Back in late 2002, at a mere 15 years old, greasy and adolescent; an event occurred that changed the trajectory of my musical preferences to this very day. I’d been brought up on Punk, Goth and other alternative music but that was music for old people and I’d never admit to friends at school I’d been listening to my stepdad’s Dead Kennedys album in my room. I was probably coming out of my “Kerrang!” stage, moving on from the likes of Limp Bizkit, Linkin Park and so on, maturing, and starting to make my own decisions and choices.
I remember going to a mates house after school and him pulling a CD out of his bag which his uncle had given him. A CD is a round, plastic disc that plays music. This was at the height of music piracy so of course it was in a plastic CD pocket with a printed front and back cover. The simple front cover didn’t even say who the band were. It was just black with a multi-coloured circle on it. They had a good sound system in the living room but until then you couldn’t really tell due to the overproduced recording of the early noughties.
A rumbling began to emanate from the speakers and a solemn guitar drawl bellowed out after it as the opening track, The Dance, stopped me in my tracks. It was like a wall of noise enclosing you, almost constricting you. I’d only been playing the drums for a short time at this point but even my lack of skill and experience couldn’t stop me tapping away to the disco style drum beats backing up this monster sound. Track two really caught me. Take the Long Road and Walk it got going, I was in awe of the big sound, the disco beats, the striking guitar work and the impressive, driving vocals culminating in a scat-like middle-eight and finale. If you aren’t already aware the band I am talking about is The Music and this is their self-titled debut album.
Britpop as we knew it was just about wrapping up and the new wave was about to commence with indie bands like Maxïmo Park, Bloc Party and Arctic Monkeys still only just building their reputation on the indie scene. But, just before that came this album from The Music and it sucked me in; it wasn’t like anything I’d heard before. It was new and refreshing, with bags of energy; I skipped home shuffling my feet to the beats that I couldn’t stop hearing over and over. Anyone that’s heard me play the drums will understand how much this band has influenced me.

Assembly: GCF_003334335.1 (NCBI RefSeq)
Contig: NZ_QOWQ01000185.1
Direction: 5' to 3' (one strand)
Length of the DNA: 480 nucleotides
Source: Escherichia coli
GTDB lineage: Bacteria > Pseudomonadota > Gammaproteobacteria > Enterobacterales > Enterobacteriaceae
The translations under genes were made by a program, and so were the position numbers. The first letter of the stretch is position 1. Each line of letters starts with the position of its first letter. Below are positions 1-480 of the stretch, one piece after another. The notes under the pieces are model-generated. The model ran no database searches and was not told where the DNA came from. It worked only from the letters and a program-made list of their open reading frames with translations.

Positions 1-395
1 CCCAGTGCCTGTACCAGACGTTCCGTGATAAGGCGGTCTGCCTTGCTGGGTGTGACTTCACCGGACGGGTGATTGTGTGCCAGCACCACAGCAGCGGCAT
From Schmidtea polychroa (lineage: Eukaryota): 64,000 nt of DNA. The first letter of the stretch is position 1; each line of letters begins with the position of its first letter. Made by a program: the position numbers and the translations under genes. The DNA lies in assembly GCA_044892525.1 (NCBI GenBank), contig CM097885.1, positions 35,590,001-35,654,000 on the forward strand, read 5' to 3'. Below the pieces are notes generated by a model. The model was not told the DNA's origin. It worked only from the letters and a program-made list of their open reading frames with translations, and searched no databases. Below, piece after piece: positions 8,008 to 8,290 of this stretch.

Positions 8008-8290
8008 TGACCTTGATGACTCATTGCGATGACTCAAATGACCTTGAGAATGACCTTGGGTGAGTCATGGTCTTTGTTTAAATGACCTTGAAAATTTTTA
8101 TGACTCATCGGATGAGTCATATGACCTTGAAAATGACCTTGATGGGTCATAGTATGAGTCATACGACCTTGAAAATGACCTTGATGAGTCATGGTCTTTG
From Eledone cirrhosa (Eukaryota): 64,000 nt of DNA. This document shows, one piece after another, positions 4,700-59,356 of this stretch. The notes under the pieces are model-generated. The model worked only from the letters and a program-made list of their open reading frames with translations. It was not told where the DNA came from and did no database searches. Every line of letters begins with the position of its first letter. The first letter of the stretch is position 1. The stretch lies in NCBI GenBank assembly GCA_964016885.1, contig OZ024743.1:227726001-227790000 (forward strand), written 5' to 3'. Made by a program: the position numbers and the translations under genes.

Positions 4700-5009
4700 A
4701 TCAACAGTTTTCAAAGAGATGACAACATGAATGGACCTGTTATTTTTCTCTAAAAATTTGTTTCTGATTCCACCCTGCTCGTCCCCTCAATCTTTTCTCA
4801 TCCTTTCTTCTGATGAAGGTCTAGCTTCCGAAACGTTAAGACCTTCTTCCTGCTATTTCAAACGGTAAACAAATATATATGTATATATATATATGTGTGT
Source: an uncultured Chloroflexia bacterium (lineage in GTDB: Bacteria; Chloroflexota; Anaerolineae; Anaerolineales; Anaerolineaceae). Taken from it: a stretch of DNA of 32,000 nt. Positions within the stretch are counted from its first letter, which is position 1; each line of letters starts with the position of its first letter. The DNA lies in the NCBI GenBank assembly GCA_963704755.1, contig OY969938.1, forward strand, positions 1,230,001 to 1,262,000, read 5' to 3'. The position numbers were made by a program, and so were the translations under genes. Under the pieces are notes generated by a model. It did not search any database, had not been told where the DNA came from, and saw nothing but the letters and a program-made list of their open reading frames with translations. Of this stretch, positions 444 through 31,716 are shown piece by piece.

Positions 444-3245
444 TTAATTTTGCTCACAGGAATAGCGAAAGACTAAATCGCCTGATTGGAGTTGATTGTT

Does this excitement sound familiar? Does the pattern seems like something you’re a part of?
The beer scene has followed a similar path in the last few years. There was that one beer that turned you onto real ale. Then followed the beer that dragged you into craft beer… And now you’re bored. It’s difficult to get that excited feeling. Yes, you love beer; you’re reading a beer blog, but think about that first time you had some of that “old man” beer out of handpump that actually had flavour unlike the cans of Red Stripe you’d thrown back the night before. Think about the first time you thought “Jaipur. That looks interesting” and it was. Think about the first time you cracked a can of Heady Topper.
Just like it’s easy to type The Music into Spotify, it’s just as easy to pick up an excellent, hoppy IPA or an incredible imperial stout. They could be amazing but have you just had a different incarnation of it before? Just as music culture moves in trends so does beer culture; even more so that it’s now deemed in the mainstream. There will always be more bands and there will always be more beer but maybe I’m just waiting for The Music.
Video Credit: Vevo via Youtube